“Low-fat”, “Lite”, “Light”: Come again?
It's time to unlock the secrets of food labelling. Food labels can be extremely confusing so I’ve put together a simple guide explaining the key things to look at when comparing and purchasing products.
Food packaging can look as though it’s written in a foreign language. And those clever marketers can use words and claims that can make any food sound healthy.
Trying to work out exactly what these words mean on-pack, can be confusing and food manufactures can sometimes use our confusion to their benefit. The first tip for you is to question whats written on the front of the packaging- you can do this by looking at the nutritional panel (usually on the back of the packet).
The Nutrition Information Panel (NIP)
So, what to look at on the nutritional panel? Only look at the column titled “Per 100 grams”. The “serving size” is chosen by the food manufacturer so can vary greatly from how much of the food you (and other food brands) would consider a serve. By looking at only the “Per 100 grams” column you can compare products, irrespective of serving size.
To simplify things we will only be looking at five key components: Energy, Fat, Sugar, Fibre and Salt.
The word “energy” is one of the most confusing. Energy is measured in kilojoules (kJ) in New Zealand and calories (cal) in the US (similar to kilometres vs. miles). It is the total energy intake that affects a person’s weight. If more energy is put into the body (eating and drinking) than is burnt off (exercise) weight will be gained, no matter what type of diet someone follows.
Introducing the 'less is best' rule:
This is a simple rule to check if the food you are holding is a healthy choice. When comparing products it can get difficult to remember which level of certain nutrients you should be aiming for. By following the 'less is best' rule it makes things easy! Simply choose the products which contain less of the 3 S's - that is those with the lowest amount of Saturated Fat, Sugar and Sodium per 100g. Where possible try to choose foods with the highest amount of fibre.
Light, lite, reduced fat, what?
To ensure that you’re not fooled next time you reach for the ‘lite, reduced fat, baked’ chips, we help explain what all these terms mean.
While many of us may think these terms mean a product is lower in fat, it could in-fact could mean a number of things. Unfortunately use of these words is not regulated so it could mean that the product is lighter in colour or lighter in weight than another product. Not necessarily that it is lower in fat!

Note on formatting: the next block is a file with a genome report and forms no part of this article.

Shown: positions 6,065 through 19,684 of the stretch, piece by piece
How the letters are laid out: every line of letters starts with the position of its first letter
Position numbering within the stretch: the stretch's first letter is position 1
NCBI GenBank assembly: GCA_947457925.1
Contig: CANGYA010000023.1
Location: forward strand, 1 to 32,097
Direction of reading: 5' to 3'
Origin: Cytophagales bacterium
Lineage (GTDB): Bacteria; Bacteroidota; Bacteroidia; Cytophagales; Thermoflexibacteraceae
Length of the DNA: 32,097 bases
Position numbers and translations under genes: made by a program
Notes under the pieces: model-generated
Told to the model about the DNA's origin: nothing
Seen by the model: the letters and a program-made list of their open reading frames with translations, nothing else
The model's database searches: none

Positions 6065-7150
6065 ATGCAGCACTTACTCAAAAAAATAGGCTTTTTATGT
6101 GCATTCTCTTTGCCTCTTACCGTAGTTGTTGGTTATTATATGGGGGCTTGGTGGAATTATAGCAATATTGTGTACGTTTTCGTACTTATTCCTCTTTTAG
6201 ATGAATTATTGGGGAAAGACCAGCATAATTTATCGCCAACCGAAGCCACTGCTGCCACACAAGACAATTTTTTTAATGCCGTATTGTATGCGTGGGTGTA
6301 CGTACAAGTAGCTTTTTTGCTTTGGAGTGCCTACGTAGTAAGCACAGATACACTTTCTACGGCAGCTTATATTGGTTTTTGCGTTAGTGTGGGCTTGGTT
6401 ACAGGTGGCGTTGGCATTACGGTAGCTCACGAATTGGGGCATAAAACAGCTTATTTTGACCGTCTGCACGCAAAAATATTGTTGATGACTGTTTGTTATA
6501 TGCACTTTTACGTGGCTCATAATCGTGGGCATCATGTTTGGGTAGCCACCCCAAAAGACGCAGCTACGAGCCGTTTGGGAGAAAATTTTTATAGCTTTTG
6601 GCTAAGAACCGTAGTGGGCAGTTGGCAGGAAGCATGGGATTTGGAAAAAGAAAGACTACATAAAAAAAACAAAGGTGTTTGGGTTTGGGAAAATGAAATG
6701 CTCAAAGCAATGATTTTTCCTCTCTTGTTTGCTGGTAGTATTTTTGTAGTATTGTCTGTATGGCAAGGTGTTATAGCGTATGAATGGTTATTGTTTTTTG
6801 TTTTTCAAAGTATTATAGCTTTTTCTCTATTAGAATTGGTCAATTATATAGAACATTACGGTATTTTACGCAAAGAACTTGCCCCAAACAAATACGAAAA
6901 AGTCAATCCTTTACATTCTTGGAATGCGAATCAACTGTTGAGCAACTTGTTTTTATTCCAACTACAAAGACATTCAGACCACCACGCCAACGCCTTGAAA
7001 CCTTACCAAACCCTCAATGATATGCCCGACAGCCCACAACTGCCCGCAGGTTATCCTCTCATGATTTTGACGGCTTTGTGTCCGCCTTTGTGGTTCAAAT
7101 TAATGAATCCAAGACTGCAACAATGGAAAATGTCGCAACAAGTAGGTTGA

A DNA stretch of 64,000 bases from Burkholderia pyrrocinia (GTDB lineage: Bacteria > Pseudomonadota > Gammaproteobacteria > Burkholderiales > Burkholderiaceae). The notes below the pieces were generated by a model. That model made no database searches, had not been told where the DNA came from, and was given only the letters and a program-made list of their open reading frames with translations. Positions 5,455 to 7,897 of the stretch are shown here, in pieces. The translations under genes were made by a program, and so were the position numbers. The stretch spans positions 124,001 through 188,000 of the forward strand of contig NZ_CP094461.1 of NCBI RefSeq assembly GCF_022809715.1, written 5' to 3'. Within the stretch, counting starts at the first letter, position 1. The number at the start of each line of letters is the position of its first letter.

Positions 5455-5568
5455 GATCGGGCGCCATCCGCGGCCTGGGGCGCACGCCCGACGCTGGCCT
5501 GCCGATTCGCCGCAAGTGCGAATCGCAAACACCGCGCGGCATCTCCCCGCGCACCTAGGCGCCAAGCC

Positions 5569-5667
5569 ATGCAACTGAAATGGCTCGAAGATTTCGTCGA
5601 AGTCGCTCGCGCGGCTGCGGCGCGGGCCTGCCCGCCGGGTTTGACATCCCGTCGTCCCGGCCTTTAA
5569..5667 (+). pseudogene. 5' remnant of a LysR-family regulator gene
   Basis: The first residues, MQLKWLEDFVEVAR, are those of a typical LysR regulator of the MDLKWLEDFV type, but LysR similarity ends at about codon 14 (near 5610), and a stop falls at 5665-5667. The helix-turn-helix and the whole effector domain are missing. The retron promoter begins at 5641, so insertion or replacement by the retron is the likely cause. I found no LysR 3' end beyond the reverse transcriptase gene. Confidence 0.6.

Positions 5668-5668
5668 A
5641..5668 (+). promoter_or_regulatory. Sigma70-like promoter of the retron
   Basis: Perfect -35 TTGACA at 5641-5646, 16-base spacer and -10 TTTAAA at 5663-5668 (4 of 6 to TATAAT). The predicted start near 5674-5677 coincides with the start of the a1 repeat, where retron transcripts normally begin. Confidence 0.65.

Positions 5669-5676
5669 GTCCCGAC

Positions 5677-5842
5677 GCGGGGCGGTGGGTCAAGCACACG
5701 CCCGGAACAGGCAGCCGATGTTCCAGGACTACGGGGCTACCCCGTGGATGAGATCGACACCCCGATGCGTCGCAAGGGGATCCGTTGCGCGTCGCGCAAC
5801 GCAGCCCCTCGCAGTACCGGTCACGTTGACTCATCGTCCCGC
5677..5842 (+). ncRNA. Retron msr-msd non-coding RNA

While this sounds great, and certainly we should commend the food manufacturers for lowering the fat levels of a product, it does not necessarily mean that the product contains a healthy level of fat (ie less than 10g per 100g). Reduced fat simply means that the product contains less fat, not that it is low fat.
Cooked in vegetable oil
While most vegetable oil won’t raise your cholesterol or clog your arteries like saturated fat, it still contains the same amount of energy per gram. Therefore, if you are trying to lose weight, you should still be looking for ‘low fat’ products. Also beware; palm oil (which is a vegetable oil) contains almost 50% saturated fat – the bad fat.
Baked not fried
This simply refers to the cooking technique and not whether or not the product is a healthier option
The ingredient list
All ingredients must be listed in descending order of in-going weight. Therefore if you notice fat (butter or oil) or sugar appearing within the first few ingredients you will know that the product will be relatively high in energy and possibly something that you should only have as a treat, very now and again.
% Dietary Intake (%DI)
Percent Daily Intakes are based on the average adults diet of 8700kJ per day. It is therefore not a suitable guide for children or for those who have special nutrients and energy requirements.
The Tick is a programme run by the National Heart Foundation of NZ. If you’re in a hurry and don’t want to compare nutritional panels then it can be handy when purchasing foods as it highlights healthy options within that category of food.
Remember, there are many foods out there, which may be disguised as ‘health foods’, when in fact they are quite the opposite. One of my personal 'pet peeves' is bliss balls. While these yummy sweet snacks are made from mostly whole foods and natural ingredients. Don't be deceived into thinking these are a healthy, everyday choice. Many are still incredibly high in sugar and may contain as much as a chocolate bar! It's best to keep bliss balls for a treat. The only way to be sure that you’re making a wise choice is to check out the nutritional panel. Don’t worry it gets easier and faster with time!